Georgi Goldman, a documentary and television producer, talks about camps, knishes, and what happens if you're certified to scuba dive, but afraid the dive shop won't let you go because you have type 1 diabetes. She had a great time diving off a small island in the Philippines, but a terrible time in a hospital on that same small island.
When you think of genes, you usually think of parents passing things down to their children. But what would happen if it went the other direction? Anastasia talks about her daughter Delilah's T1D diagnosis when she was five years old and then her own less than a year later.
In the summer 2017, the non-profit Beyond Type 1 put together a team of 20 people with type 1 diabetes from around to world to bike from New York to San Francisco over 10 weeks in an effort to raise money and, more importantly, awareness for what it means to live with type 1.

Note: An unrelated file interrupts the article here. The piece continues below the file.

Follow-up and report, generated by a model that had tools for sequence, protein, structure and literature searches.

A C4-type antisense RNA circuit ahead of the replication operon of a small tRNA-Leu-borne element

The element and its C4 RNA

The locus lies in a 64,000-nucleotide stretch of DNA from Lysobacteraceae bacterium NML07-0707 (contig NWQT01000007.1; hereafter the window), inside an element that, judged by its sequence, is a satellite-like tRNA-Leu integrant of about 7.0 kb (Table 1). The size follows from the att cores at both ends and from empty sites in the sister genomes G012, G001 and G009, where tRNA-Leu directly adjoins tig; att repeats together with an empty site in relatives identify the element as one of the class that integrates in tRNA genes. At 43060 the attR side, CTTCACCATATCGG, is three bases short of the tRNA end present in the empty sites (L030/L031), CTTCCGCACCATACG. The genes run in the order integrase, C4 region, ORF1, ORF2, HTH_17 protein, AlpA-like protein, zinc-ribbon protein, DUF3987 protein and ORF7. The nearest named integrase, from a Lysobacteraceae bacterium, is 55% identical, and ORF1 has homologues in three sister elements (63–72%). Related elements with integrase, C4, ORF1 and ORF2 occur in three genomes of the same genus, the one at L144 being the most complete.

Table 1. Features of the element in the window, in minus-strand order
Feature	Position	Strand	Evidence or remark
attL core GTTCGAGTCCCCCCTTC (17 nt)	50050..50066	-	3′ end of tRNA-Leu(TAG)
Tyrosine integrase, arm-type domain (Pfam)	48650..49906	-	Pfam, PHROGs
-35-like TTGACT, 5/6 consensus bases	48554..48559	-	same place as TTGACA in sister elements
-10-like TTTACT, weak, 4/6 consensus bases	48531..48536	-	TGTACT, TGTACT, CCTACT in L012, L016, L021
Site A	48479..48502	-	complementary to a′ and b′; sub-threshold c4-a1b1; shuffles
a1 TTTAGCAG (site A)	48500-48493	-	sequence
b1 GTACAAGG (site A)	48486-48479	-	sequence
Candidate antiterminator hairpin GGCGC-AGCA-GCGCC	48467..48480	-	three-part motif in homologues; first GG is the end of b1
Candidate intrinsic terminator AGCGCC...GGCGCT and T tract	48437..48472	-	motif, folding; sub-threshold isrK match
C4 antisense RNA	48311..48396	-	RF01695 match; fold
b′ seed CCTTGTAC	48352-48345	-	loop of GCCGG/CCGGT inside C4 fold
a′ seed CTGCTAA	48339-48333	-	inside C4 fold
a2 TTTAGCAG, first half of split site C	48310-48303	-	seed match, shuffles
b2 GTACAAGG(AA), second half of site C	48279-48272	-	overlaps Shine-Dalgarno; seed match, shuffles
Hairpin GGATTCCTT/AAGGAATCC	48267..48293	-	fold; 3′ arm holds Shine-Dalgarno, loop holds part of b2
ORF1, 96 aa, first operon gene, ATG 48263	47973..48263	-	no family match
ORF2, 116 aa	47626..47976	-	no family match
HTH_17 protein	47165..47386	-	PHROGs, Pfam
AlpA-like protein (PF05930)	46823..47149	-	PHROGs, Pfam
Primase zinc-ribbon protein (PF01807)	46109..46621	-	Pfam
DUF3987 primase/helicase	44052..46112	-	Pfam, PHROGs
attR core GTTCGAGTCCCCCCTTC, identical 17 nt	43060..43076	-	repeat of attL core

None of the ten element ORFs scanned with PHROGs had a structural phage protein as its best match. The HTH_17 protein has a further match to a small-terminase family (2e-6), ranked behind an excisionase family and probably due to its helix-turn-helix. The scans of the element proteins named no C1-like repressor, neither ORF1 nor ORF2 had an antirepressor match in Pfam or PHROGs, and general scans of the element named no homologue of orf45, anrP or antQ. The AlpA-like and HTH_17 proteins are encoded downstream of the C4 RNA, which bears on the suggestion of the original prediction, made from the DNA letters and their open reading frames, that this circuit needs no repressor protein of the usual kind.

This is the beginning of a series where I interview members of Team Bike Beyond to figure out what compelled them to sign up for this team and how the journey has changed them since.
This first episode is with Cassidy, who has spent her whole life listening to her father tell stories from when he biked across the country when he was 22 years old. Now she has her own to share too.
For more information about Bike Beyond or if you want to attend a viewing or even host your very own screening of the Bike Beyond documentary, visit bikebeyond.org.
As a kid, Jasmine hid the fact that she had T1D. She wasn't ashamed or afraid of being judged but was doing it so that other people wouldn't worry about her. She acted like she didn't have T1D so that her friends and family wouldn't be burdened by her disease too. Her management suffered because of this until college, when she had to show three months of good control in order to get approved for an insulin pump. While she's maintained good control since then, she's rebuilt the trust between her and her family from all those years of lying about her blood sugars.